Regardless of your niche, you need a fast-loading site to keep your users engaged. And optimizing your images is key to getting the high-performing website your brand and your users deserve.
According to states compiled by Inc.com, slow-loading images may be costing your website 39% of your visitors.
In this post, we’ll show you how image SEO optimization can:
- Improve your website’s overall performance
- Offer visitors a better experience
- Help you keep your users engaged
We’ll also share some key tips to make it happen.
Let’s dive in!
What Is Image Optimization?
First, let’s agree on a definition of image optimization.
Image Optimization consists of adjusting high-quality web images so they meet your website’s performance and accessibility standards.
Optimization may include:
- Compressing your images
- Delivering responsive images
- Changing how your images load
- Changing where your images load from
- Adding alt tags to your images
Google loves fast websites. So there’s a lot of overlap between optimizing images for performance and optimizing images for SEO.
What Makes Image SEO Optimization Important?
In a 2018 report, HTTP Archive found that images accounted for 21% of the total weight of an average web page. And presumably, that ratio has only increased in recent years.
Anytime you reduce image size without compromising quality, loading times and user experience improve. This will boost search engine rankings, which will help customer engagement, retention, and conversion.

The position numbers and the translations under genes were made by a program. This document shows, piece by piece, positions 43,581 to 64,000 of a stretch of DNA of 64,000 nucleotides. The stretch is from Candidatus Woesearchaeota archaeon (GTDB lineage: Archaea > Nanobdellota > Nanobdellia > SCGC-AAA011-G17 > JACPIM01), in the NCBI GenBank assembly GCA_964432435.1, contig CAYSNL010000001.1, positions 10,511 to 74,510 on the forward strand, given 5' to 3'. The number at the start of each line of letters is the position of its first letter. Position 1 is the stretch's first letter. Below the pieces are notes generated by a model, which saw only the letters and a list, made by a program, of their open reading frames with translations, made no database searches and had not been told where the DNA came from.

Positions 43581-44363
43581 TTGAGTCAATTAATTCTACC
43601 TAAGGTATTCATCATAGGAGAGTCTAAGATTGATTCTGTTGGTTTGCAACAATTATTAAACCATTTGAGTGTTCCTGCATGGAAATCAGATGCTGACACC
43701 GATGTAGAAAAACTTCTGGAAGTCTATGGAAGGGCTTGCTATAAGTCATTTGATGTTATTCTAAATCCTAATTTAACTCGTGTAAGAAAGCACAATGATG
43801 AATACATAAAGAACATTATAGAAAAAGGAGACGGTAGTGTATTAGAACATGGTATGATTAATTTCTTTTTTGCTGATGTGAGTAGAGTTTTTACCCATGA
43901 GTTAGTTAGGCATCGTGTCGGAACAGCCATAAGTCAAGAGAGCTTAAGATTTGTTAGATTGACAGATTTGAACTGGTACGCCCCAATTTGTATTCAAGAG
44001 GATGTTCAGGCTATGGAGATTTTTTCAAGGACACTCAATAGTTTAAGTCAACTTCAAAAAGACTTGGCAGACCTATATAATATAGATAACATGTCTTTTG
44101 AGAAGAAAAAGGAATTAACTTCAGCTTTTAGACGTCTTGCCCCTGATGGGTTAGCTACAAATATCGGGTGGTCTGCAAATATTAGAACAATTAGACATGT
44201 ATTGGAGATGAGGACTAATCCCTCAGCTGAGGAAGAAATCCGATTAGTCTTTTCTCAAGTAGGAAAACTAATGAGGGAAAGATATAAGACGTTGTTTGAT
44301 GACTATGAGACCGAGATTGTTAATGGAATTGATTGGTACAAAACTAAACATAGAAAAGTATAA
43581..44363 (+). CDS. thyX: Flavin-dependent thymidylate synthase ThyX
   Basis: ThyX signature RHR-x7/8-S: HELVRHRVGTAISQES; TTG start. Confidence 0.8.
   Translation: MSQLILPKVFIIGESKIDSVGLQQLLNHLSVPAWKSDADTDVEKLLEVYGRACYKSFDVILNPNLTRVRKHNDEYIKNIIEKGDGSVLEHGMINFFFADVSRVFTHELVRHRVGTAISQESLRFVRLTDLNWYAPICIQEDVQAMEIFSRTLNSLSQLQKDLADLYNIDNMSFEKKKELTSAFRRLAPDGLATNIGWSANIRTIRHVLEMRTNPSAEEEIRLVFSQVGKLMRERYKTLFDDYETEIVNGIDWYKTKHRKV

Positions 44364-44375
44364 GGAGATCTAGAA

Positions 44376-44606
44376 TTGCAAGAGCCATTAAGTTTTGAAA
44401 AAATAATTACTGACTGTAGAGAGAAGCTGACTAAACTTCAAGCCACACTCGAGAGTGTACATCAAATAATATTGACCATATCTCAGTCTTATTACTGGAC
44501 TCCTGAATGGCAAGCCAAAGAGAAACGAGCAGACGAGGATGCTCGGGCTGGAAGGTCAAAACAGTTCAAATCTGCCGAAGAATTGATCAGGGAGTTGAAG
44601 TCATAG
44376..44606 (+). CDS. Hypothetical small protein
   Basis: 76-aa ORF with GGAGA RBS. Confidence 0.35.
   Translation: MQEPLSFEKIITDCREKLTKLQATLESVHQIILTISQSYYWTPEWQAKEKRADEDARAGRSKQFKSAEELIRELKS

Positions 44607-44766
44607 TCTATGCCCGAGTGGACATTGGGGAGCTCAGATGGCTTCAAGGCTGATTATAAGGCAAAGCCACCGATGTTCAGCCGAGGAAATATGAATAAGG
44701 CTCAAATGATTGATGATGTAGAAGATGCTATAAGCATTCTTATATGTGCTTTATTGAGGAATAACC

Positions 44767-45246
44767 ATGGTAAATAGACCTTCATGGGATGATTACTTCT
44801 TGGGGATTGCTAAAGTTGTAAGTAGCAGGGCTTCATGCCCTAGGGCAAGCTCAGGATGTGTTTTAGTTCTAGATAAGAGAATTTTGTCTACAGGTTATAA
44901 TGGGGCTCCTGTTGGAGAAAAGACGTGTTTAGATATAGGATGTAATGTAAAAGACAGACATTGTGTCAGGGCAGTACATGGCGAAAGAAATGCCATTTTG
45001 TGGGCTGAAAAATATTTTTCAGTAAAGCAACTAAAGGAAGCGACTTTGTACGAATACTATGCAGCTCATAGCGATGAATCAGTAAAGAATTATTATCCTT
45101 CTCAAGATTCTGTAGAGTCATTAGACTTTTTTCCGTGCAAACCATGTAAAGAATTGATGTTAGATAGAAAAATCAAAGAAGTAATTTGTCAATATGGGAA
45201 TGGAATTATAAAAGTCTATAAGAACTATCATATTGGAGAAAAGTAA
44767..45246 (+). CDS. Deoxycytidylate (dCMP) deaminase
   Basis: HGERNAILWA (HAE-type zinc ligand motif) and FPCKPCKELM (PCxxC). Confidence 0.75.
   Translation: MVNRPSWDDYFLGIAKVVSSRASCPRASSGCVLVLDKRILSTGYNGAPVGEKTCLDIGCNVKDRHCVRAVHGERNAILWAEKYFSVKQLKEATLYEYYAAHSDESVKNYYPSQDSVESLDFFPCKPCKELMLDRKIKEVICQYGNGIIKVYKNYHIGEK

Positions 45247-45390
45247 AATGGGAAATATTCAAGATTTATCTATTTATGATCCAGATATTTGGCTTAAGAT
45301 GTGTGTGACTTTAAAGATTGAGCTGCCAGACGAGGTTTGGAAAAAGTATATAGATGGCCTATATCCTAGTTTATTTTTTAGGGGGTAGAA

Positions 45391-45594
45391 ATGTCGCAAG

In short, the purpose of image SEO optimization is to:
- Use server resources more efficiently. Optimized images consume less storage space and require less bandwidth.
- Improve SERP positioning. Google has made page speed a crucial component of its ranking algorithm. And optimized media files reduce load times.
- Better User Experience. Fast-loading pages with easy navigation encourage visitors to stay on your website longer. In addition, adding alternative text to your images improves the site’s accessibility.
The Basics of Optimizing Images for SEO
Now that we’ve taken a look at what optimizing images for SEO is (and the benefits that come with it), let’s take a look at some best practices.
Wondering how to start optimizing your images for SEO?
Here are some tips to hit the ground running:
- Compress your image files
- Use next-gen image formats
- Use the right image dimensions
- Serve your images through a CDN
- Set responsive images, if possible
Let’s take a closer look!
Compress Your Image Files
Compression is a fundamental step in image SEO optimization. Your ideal compression method will depend on:
- The type of images you’re uploading
- Your content publishing workflow
- Your CMS
We recommend you compress your images automatically, if possible. If your website runs on WordPress, you can easily handle automated compression with a plugin, such as reSmush.